We are a week past the date for home closing contract. I'm in New York... Can I get out of it?
3 Answers from Attorneys
Was "time is of the essence" included in contract?
Unless the contract states a "time of the essence" closing date, which is rare, the closing date in the contract is an approximate date unless either party declares time to be of the essence by written notice to the other party. Case law on this subject is somewhat unclear. However, courts have recognized notice between 8 days to 30 days as being sufficient, depending on circumstances.
On that date, you have to be ready, willing and able to close. If you are not, you cannot hold the buyer in default, even if you have properly declared a valid time of the essence closing.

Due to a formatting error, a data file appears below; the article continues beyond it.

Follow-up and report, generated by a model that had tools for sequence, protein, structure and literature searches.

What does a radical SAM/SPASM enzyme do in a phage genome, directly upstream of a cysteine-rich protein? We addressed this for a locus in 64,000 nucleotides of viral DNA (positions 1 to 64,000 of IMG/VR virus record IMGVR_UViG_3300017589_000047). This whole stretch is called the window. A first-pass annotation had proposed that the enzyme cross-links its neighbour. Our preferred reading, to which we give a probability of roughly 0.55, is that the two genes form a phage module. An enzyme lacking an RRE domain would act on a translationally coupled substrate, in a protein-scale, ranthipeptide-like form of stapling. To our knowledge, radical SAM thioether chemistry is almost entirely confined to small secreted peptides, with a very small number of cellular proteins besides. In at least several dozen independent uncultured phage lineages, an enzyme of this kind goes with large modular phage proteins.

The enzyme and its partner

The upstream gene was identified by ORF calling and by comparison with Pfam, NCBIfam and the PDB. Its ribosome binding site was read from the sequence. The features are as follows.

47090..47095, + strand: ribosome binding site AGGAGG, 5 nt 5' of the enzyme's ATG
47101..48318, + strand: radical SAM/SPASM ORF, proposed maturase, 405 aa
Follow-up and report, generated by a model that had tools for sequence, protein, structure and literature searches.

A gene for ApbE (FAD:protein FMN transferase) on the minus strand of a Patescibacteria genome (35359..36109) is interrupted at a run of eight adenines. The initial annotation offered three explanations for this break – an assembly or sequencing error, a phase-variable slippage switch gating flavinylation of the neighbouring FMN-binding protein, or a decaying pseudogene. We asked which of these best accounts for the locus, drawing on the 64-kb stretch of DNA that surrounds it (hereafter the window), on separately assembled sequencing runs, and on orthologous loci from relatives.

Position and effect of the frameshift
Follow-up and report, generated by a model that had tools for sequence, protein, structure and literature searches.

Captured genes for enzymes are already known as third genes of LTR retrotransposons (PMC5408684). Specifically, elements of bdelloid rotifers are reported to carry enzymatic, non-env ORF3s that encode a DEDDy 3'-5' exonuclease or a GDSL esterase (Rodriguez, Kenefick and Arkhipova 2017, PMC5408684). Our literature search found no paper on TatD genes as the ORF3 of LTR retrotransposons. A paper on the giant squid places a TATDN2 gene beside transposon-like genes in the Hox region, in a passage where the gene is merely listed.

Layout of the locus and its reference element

A little known wrinkle: "at law," time is always of the essence. ("In equity," it almost never is; the line between law and equity is not clear, but money remedies are almost always "legal" while property is often equitable There are many steps to invoking this right, but if your lawyer dances the baroque quadrille, you're entitled to get back your downpayment. You'd still be bound to the contract, but without the leverage due to the down payment. In the opposite direction, if the BUYER adjourns the closing, the seller is entitled to immediate possession of the down payment.
99% of all lawyers don't know this rule. And it won't make you any friends. But it is the law and would give all concerned a jolly good ride.